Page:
- Not suitable for very tiny subjects. The AF point might be too large or coarse for the camera to understand which part of the subject you really want, resulting in inaccurate focusing.
- Not suitable for in-flight shots. Flying insects are too fast for the AF system of the lens.
- AF is not that suitable for shots-stacking. For those who are not familiar with the term, image stacking (also called focus stacking) is a method in Macro Photography to deal with shallow Depth Of Field (DOF). Please see Overcoming Shallow Depth Of Field In Macro Photography for more details. The technique basically involves the taking of multiple photos at different focusing and combines them up in post-processing for a clearer and more detailed image. With AF, you can manually select different areas to focus on prior to capture, but the overall process is still slower and less straightforward than using MF.
Manual Focus (MF)
You will have to take photographs using MF when your DSLR, lens or accessories do not support AF. However, there are a lot of Macro Experts out there who prefer MF to shoot regardless. Lenses capable of AF can be switched to MF by simply turning AF off via the AF button on the lens. There are two methods for MF:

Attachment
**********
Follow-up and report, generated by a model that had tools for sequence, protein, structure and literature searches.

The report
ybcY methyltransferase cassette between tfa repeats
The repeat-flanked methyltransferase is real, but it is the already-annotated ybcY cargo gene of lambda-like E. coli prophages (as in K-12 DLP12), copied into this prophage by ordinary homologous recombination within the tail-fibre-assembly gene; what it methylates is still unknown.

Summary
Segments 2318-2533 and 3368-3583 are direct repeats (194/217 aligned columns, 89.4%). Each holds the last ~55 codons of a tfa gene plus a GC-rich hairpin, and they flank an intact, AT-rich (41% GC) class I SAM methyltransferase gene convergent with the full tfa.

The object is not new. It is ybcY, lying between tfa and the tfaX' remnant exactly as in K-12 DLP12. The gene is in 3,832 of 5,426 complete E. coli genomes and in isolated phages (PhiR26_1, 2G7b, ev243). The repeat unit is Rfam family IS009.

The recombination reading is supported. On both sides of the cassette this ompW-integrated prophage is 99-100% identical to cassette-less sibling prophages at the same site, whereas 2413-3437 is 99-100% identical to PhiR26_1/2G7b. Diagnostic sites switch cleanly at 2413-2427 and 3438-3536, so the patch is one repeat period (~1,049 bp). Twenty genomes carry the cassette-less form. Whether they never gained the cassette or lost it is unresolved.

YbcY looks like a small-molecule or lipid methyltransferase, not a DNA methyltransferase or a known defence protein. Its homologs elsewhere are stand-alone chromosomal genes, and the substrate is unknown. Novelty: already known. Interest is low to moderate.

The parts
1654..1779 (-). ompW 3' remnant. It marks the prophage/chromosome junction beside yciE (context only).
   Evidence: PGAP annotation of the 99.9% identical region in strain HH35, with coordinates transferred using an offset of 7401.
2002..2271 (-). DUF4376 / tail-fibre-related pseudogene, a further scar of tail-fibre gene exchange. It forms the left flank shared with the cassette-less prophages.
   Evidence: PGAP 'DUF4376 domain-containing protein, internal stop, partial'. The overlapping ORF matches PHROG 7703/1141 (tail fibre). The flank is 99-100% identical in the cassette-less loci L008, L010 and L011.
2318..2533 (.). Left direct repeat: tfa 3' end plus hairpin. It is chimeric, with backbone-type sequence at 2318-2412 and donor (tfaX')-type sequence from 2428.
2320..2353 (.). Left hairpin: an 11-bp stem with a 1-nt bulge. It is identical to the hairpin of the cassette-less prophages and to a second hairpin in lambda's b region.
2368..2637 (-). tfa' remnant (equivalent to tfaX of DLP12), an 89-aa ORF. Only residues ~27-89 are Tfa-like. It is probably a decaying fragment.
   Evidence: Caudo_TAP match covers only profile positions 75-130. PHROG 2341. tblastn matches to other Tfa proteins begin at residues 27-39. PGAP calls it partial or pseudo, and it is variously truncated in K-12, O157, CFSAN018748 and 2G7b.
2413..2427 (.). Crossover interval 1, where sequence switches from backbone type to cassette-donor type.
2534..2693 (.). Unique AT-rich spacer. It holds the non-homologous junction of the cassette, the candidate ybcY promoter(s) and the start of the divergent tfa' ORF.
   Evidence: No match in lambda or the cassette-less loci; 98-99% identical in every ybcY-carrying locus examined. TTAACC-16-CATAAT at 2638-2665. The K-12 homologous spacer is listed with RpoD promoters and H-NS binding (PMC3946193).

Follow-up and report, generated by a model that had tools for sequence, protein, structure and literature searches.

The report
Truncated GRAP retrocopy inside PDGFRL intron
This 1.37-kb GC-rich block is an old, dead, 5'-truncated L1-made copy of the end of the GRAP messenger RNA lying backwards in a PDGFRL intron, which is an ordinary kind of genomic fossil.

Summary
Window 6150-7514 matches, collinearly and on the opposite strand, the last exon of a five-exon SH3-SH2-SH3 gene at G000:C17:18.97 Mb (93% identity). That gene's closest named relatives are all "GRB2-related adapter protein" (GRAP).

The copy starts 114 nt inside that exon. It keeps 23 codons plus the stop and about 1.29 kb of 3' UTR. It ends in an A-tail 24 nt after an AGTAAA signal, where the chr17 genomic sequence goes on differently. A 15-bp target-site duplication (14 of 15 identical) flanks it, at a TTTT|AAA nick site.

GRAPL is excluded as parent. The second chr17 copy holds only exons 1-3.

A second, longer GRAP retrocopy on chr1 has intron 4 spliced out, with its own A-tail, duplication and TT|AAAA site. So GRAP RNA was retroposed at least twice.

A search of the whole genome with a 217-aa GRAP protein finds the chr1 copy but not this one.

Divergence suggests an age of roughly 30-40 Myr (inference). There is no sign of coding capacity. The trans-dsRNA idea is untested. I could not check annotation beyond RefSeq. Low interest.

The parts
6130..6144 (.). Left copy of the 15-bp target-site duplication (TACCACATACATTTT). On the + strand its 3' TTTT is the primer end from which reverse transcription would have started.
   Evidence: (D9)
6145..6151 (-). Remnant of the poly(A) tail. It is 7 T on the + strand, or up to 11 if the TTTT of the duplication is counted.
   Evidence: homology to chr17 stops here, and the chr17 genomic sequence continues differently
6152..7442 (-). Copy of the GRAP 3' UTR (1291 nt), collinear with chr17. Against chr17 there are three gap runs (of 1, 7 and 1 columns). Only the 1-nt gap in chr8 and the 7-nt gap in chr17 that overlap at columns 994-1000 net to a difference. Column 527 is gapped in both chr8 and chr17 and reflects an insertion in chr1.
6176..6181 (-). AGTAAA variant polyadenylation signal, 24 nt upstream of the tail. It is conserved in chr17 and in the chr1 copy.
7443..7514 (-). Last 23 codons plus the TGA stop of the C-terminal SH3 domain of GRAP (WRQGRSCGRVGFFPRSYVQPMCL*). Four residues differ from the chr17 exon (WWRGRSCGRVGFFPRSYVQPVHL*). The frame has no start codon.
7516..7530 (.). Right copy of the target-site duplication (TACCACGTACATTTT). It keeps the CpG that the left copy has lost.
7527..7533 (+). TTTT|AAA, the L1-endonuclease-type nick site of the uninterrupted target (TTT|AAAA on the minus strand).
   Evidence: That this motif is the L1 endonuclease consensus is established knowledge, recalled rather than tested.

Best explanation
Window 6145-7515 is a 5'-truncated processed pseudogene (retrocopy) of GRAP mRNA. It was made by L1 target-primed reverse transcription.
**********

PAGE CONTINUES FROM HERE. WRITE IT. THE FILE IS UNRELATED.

- You stand at a suitable distance from your subject (which varies according to the setup you use), then slowly you turn the focusing ring on your lens until you get the desired focus prior to shutter release. This method is commonly used in all genres of Photography, but is more suitable in Macro Phtoography if you are using a tripod.
- You stand at a suitable distance from your subject, but you do not turn the focusing ring to focus. Instead, you repeatedly lean your body slightly forward and backwards while you estimate when your subject will come into focus, only then you press the shutter button. This method is only applicable for macro setups with flash, so that the effects from your leaning will not show up the final image. See photo below for illustration: